Recently, a colleague and friend of mine hit a significant work anniversary. He mentioned some of his memories of starting at SAS. First impressions included the huge range of analytical techniques available in the software, most of which he had never heard of before. He wrote, “About nine months after I’d joined [SAS], I almost left. I even had an interview. I couldn’t see any way I’d learn all this 'SAS stuff.' I was never any good at stats at school. Who the heck was Ishikawa? ...”
His comment sparked a memory and a train of thought I'd like to share. Although my friend didn’t fully appreciate my story about how I first came across Ishikawa diagrams, I thought that some of you might be interested.
It starts with Deming
In my very first proper job, straight out of university, I had a boss who sent me to a Deming course. For this, I am forever grateful. This course set the foundation for my understanding of the importance of using data and real-world evidence to continuously improve your business.
Edwards Deming was an engineer, statistician and business consultant. He is credited with hastening Japan’s recovery after WWII by helping the Japanese to successfully industrialise and build quality into their manufacturing processes. Ishikawa diagrams were one of the tools they used to examine cause and effect.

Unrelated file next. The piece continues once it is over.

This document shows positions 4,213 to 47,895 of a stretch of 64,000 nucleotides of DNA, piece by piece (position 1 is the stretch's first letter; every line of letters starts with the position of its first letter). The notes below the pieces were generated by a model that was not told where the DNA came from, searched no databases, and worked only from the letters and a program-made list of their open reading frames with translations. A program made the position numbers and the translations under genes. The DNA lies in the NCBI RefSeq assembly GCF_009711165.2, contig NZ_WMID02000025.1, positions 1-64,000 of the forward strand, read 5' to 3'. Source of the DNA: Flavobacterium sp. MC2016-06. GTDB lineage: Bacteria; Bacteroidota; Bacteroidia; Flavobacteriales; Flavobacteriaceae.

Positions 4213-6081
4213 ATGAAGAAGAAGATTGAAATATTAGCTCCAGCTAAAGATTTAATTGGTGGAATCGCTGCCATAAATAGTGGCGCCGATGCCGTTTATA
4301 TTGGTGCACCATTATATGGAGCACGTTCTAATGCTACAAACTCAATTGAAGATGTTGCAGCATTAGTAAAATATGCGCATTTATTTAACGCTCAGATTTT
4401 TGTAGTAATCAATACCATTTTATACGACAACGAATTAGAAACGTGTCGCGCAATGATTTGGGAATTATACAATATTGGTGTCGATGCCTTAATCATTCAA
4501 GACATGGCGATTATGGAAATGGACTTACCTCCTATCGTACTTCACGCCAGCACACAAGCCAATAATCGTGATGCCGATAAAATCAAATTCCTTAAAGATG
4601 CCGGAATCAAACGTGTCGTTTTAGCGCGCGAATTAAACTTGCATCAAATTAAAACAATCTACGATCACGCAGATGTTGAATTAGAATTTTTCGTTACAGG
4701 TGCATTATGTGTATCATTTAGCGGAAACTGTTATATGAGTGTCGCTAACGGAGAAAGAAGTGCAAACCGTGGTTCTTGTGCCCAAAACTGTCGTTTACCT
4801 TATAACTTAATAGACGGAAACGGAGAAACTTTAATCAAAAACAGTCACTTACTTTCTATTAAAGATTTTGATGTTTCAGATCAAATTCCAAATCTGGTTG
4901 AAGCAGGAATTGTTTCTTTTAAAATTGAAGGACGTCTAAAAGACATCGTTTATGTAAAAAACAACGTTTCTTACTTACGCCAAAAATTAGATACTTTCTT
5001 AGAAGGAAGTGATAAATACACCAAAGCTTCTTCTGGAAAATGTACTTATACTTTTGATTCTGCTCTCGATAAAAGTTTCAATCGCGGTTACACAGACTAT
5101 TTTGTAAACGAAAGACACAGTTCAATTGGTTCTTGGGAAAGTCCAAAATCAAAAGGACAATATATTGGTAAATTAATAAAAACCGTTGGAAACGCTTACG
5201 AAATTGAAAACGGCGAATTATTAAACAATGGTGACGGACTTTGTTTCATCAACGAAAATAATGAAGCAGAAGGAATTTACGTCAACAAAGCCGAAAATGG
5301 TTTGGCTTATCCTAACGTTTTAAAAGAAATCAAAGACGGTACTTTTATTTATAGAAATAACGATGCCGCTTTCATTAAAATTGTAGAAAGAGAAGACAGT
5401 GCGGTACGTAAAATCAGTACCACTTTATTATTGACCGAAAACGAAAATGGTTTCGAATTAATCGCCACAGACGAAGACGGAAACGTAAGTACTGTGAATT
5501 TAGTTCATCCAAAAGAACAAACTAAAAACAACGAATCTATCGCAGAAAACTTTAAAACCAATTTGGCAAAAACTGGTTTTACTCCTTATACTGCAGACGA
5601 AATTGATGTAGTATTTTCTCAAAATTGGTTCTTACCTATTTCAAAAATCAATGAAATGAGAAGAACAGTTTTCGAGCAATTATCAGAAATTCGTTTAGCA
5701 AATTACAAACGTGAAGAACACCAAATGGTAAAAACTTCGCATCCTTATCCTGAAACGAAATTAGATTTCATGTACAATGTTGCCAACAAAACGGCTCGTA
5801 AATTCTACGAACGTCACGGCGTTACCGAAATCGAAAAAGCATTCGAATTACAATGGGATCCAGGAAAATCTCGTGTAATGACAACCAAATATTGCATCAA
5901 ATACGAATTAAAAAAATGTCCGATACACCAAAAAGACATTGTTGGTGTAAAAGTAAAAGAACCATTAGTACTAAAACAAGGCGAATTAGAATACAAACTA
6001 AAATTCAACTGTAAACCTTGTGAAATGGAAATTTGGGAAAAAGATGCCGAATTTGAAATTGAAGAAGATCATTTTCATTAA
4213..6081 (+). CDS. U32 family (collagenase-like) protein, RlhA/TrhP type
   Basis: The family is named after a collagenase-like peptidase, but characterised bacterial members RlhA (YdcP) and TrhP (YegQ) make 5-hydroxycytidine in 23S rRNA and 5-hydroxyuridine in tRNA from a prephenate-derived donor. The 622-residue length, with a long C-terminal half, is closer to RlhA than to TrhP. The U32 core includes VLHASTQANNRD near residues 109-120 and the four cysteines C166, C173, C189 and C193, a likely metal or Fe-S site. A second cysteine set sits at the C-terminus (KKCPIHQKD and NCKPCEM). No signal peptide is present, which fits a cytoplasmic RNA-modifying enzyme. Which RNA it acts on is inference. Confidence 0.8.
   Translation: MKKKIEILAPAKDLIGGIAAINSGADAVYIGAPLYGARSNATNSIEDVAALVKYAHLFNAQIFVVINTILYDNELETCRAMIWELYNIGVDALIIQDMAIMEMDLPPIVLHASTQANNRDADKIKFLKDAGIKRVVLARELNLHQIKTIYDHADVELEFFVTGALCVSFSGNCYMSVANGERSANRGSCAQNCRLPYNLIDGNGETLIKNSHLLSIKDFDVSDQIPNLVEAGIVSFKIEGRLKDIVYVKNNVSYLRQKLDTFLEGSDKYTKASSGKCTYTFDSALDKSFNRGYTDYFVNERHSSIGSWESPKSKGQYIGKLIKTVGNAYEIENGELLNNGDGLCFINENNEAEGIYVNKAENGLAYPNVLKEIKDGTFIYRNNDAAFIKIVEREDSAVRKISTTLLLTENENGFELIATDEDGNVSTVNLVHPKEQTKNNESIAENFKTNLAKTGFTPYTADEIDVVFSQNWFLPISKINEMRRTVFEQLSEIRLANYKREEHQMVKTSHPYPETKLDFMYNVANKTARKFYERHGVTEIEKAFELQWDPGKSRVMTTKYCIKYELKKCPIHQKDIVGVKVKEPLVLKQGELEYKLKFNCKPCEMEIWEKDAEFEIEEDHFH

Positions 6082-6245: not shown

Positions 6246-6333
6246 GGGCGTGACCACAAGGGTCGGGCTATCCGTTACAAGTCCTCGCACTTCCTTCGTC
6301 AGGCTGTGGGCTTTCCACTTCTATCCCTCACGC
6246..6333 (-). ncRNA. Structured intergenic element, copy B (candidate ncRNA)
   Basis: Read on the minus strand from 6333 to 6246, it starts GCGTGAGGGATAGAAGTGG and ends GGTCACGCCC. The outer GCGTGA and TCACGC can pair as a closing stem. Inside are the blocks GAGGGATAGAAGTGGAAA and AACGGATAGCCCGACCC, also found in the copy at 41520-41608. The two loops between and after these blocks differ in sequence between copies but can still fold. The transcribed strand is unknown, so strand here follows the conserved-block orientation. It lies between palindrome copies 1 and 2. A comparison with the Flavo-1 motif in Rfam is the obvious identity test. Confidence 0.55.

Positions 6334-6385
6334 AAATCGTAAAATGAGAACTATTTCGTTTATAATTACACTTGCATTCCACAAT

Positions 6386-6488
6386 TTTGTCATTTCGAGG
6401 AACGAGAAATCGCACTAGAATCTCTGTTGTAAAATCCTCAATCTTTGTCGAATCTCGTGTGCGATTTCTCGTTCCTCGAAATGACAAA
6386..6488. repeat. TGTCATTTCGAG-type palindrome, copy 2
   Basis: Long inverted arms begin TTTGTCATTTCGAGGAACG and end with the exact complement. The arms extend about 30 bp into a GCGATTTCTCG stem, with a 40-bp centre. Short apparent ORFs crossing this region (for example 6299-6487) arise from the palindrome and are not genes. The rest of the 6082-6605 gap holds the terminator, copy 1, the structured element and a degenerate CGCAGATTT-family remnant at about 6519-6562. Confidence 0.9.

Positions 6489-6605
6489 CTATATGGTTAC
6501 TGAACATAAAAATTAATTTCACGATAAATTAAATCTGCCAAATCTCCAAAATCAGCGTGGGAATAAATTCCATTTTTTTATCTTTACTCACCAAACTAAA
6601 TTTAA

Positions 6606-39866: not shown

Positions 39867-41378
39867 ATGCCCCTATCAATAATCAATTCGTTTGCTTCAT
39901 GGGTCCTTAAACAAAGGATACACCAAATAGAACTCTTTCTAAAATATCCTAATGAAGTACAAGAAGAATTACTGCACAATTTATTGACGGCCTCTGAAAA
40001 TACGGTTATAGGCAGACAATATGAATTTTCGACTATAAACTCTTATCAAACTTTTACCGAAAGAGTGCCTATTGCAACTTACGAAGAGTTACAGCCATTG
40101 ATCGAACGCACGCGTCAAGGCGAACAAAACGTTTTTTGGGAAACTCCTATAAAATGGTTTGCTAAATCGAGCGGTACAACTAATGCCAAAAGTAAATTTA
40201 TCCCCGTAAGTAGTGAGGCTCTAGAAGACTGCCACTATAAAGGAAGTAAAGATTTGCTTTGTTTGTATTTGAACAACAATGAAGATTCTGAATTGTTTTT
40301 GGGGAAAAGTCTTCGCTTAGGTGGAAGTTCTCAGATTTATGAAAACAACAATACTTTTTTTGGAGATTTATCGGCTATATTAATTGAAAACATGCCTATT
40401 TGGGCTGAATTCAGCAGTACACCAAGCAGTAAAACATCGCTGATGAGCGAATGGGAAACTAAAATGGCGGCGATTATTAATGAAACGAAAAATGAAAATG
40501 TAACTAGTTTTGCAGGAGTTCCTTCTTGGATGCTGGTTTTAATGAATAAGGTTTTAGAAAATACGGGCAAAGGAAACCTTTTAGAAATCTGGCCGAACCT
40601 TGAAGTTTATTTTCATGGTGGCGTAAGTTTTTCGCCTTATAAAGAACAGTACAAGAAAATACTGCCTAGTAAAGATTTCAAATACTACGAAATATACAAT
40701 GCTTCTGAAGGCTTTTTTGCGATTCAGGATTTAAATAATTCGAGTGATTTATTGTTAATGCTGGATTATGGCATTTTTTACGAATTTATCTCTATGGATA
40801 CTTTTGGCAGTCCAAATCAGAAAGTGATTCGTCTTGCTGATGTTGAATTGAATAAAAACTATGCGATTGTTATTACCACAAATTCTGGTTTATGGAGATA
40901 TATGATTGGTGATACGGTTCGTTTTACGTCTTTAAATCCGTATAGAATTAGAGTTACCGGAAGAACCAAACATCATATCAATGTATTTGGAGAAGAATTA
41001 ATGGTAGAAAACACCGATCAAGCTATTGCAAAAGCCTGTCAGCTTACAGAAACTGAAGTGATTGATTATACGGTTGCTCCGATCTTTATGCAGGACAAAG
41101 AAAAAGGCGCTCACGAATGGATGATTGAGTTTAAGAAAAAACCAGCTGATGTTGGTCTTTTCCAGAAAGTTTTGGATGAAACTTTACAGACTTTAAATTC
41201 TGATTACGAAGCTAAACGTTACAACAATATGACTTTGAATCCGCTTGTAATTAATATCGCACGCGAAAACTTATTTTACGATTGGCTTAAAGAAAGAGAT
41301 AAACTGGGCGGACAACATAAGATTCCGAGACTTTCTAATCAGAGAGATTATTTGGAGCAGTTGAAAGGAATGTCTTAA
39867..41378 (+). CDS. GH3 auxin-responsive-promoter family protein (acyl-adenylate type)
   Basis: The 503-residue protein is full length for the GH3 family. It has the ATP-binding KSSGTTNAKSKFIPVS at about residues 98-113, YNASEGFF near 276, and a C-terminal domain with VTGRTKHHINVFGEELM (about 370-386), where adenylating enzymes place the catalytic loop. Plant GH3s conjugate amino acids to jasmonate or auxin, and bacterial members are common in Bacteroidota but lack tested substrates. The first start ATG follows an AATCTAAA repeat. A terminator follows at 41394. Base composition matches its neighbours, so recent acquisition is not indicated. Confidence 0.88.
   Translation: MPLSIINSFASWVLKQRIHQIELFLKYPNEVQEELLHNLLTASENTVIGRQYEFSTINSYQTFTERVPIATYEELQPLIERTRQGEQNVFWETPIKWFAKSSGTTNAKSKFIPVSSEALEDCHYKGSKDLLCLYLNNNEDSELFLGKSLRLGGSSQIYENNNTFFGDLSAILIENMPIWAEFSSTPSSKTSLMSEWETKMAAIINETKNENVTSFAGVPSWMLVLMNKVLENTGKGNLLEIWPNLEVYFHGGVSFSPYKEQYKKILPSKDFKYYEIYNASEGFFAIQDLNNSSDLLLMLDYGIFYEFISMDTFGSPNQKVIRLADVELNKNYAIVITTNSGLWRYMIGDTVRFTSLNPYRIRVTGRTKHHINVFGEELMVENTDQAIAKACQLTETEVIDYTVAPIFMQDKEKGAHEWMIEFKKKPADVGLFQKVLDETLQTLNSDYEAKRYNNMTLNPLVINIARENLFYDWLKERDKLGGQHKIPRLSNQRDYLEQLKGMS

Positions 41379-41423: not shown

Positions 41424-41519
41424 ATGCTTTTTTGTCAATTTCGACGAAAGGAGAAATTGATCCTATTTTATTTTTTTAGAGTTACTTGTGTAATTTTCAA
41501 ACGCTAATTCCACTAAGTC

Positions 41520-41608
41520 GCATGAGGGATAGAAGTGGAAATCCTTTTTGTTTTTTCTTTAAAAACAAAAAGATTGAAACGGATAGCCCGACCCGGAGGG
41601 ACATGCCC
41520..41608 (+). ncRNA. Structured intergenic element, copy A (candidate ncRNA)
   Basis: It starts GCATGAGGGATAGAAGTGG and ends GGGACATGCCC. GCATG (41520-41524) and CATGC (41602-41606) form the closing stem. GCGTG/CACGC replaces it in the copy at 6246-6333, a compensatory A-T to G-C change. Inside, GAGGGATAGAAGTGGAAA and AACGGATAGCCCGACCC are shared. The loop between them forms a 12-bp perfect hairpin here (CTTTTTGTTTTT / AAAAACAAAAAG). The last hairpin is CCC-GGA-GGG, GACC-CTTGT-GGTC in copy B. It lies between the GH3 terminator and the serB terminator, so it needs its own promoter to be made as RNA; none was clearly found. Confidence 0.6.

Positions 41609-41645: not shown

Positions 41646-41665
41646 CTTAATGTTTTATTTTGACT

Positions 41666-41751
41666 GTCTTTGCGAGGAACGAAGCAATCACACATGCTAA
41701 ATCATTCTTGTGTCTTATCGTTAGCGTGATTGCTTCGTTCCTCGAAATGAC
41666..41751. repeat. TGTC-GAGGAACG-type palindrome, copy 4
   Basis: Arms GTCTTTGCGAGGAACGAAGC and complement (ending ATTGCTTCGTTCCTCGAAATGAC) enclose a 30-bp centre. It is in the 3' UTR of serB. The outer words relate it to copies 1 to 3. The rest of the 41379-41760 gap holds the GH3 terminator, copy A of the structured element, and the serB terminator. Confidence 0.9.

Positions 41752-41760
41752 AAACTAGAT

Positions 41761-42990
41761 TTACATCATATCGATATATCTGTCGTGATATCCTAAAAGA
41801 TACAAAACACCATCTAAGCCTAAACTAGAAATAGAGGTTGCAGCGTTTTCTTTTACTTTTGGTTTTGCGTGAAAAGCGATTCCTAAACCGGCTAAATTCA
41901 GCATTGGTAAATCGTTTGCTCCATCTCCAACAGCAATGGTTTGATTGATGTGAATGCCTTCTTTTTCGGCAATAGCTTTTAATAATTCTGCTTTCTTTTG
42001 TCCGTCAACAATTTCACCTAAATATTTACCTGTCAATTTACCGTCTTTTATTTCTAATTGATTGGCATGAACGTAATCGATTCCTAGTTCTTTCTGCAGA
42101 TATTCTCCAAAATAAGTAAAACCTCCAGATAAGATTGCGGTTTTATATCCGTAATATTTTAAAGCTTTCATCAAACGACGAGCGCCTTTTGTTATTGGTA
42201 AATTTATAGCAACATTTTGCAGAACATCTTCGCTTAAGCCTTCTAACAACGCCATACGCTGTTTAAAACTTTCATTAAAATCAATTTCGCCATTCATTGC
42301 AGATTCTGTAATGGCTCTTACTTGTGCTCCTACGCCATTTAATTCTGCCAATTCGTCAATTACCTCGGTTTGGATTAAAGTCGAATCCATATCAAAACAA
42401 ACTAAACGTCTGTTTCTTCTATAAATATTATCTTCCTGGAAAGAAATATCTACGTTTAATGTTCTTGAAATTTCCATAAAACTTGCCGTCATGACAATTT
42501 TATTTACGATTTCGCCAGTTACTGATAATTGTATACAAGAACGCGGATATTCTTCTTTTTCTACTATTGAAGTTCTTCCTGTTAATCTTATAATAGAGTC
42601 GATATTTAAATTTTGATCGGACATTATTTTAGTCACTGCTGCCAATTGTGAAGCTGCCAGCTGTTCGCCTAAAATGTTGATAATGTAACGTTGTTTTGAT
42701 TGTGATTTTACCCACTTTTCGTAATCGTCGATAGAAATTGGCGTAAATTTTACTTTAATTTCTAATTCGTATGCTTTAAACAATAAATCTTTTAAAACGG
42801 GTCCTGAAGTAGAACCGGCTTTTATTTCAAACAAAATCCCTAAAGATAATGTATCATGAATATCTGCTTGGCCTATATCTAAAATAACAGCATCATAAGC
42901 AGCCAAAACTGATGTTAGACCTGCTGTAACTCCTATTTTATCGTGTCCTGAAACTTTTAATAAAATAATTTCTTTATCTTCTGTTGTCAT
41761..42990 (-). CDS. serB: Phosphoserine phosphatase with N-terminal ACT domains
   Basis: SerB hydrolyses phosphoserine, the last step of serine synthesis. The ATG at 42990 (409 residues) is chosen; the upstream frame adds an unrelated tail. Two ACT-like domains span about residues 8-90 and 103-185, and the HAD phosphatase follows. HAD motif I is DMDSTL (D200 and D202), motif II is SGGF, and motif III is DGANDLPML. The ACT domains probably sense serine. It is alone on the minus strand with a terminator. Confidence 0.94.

After encountering the work of Walter Shewhart (you've heard of Shewhart charts, right?), Deming became interested in statistical process control. Shewhart was applying statistical techniques to manufacturing processes.
As a result, Deming decided that all organisations had people and processes, inputs and outputs. Therefore, the same statistical approach could be used for business improvement outside of manufacturing. He proved this theory by using statistical process control (SPC) techniques to achieve a sixfold improvement in productivity at the US Census Bureau.
It's all about information in variation
Deming’s philosophy also demanded changes in how businesses were led and managed. According to Deming, "The central problem in management and in leadership ... is failure to understand the information in variation."
Thinking about it now, I realise that my entire career has been about helping organisations understand the information in variation. The most successful B2C organisations use the information in variation to understand and predict customer behaviour. By identifying variations in behaviour, we can segment our customers, anticipate their individual needs and preferences, identify fraudsters and manage risk.
And the range and granularity of data available across all organisations have exploded over the past few decades. This has led to the development of machine learning and artificial intelligence techniques to find the complex patterns in this tsunami of data. Arguably, this statistics-led approach started in the manufacturing industry. So, have manufacturers advanced their use of data and analytics over the years? Not as much as they would have liked to, but the tide is starting to turn. I’ll talk about this more in my next blog.Business improvement is about understanding the causes of variation in behaviour. This is as true for manufacturers as it is for B2C organisations. Click To Tweet